Updated: Apr 19
After your crown procedure your dentist made a temporary crown for you but why does it look horrible? It just looks terrible and certainly does not instill confidence in you for what the permanent one will look like. Is it supposed to be this ugly?
The appearance of them is a little concerning but your dentist assures you that the final one will look much better. Can you trust what they say because you're having doubts and do you need to find a different dentist?
This article will explain why temporary crowns don't exactly look the best and help assuage your fears for what to expect. However, we are going to offer a couple of recommendations on how to improve the looks of them.
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Why temporary crowns don't usually look good
As their name implies, temporary crowns are NOT the final product. They're merely a transitional protective covering for the tooth until the permanent one can be fabricated by the dental laboratory. For this reason alone, it is often not worthwhile nor cost effective to spend a lot of money and time making it.
In other words, the temporary crowns are only meant to be worn for about 2-3 weeks on average. After that they will get disposed of and never to be used again. Once again that re-enforces the argument that its not worthwhile to spend a lot of resources to make a disposable product to be used in the interim. That is a big reason as to why they tend to not look the best. They'll get thrown out in a few weeks anyway! What a waste.
Aside from them being only a temporary product, here are three additional reasons as to why the temporary crowns look horrible:
They're made chairside in only a few minutes
The crown appointment is not a full day endeavor, it'll most likely be around an hour or so at most if you're doing a single one. The vast majority of that time is spent preparing the tooth in order to take an impression of it. The lab will make the permanent one from the impression.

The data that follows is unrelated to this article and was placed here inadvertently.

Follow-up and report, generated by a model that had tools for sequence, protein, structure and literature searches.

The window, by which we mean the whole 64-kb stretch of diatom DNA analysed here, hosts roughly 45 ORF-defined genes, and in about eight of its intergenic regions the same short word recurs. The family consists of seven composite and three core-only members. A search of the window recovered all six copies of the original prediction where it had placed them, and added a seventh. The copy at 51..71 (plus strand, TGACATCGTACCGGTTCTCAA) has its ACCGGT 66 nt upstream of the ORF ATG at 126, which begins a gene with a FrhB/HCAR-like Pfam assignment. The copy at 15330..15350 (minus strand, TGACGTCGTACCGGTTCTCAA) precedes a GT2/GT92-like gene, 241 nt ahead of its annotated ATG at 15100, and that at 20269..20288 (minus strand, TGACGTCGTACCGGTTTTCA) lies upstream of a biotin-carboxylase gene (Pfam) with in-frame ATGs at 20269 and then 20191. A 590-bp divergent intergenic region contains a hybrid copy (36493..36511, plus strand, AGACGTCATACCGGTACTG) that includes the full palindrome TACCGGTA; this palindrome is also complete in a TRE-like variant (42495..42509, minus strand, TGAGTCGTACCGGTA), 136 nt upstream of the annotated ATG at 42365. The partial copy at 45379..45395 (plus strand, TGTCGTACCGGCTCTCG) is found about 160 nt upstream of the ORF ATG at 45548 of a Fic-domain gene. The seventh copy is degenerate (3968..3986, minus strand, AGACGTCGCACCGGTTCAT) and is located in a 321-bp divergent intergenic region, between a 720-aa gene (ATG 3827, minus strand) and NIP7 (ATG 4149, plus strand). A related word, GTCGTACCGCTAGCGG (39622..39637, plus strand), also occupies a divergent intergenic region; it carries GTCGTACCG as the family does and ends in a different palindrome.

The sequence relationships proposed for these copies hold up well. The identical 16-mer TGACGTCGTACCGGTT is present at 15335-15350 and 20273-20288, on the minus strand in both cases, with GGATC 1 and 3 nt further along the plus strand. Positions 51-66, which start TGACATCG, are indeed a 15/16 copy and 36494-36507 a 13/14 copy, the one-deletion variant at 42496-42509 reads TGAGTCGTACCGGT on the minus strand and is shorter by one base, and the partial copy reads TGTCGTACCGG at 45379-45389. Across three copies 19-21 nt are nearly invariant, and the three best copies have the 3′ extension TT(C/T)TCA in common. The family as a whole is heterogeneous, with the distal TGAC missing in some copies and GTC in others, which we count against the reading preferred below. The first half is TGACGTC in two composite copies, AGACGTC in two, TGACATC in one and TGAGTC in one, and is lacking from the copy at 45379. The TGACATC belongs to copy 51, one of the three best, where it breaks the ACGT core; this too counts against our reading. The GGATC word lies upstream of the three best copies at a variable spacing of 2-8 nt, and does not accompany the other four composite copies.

Your dentist will spend most likely just 5-10 minutes making the temporary crown. That means, there isn't a lot of time allocated to making it look pretty by any means. A common method of making it is with the block temp technique, where your dentist literally carves it out of a block of acrylic.
Here is a video showing how it is done.
If you want it to look much prettier, your dentist will need to keep you in the chair for a lot longer and work on it. Similar to how a sculptor who spends more time sculpting will end up with a better looking sculpture. A better looking temporary will require a lot more time than that.
Would you like to spend 3-4 hours at the dentist just for a single temporary crown to look good? It doesn't seem that practical nor do patients even want it.
Patients generally want to spend as little time at the dentist as possible. They want to get in and get out because they've other places to go. They're also usually not too enthused about dental treatment either. These are contributing factors to why the temps don't look that good.
Doesn't permit custom color matching
For the temporary crowns, they're made from stock tooth shades and color. That means you can't customize them like what the permanent can do. For the permanent one you can do custom shades and also add in custom detailing but that is not possible for the temps.
There is also the fact that your dentist may only have a couple of temporary colors on hand. It's simply not practical nor possible to stock every shade of tooth. Most offices will pick about a handful of the most commonly used ones and that would be it.
Here is a picture showing the entire spectrum of teeth colors:
That is quite a range of coloring but that is not all of them because some patient's actual color will fall outside of that spectrum. If your tooth looks nothing like the plethora of options above, it WILL require custom shading. For the really tough cases, we have to send the patient to the dental lab to have the coloring done in person.
Just so that we are completely transparent, the temporary crown manufacturers don't actually make that many colors. They only fabricate a couple of shades and not the entire range of color that you see in the photo above.
Your dentist doesn't want it to be perfect
You may be surprised but we actually do not want the temporary to look perfect. Most of us actually strive for some imperfection with the temporary crown because that imperfection encourages the patient to return for the permanent crown.
Yes, you heard that right it encourages you to come back to get the permanent one glued in. Throughout our career, we've had quite a few cases where the temporary crown looks so good that the patient never returns for the final one. You would think that never happens but it does and our experience proves it. Every dentist has some final crowns sitting on their desk for years that were never inserted into the patient's mouth.
For this reason alone, we don't mind having it look imperfect. In fact, if it looks too good, we may add in a slight imperfection so that it reminds you it is NOT the final product and that you SHOULD return for the permanent one.
How to make temporary crowns look better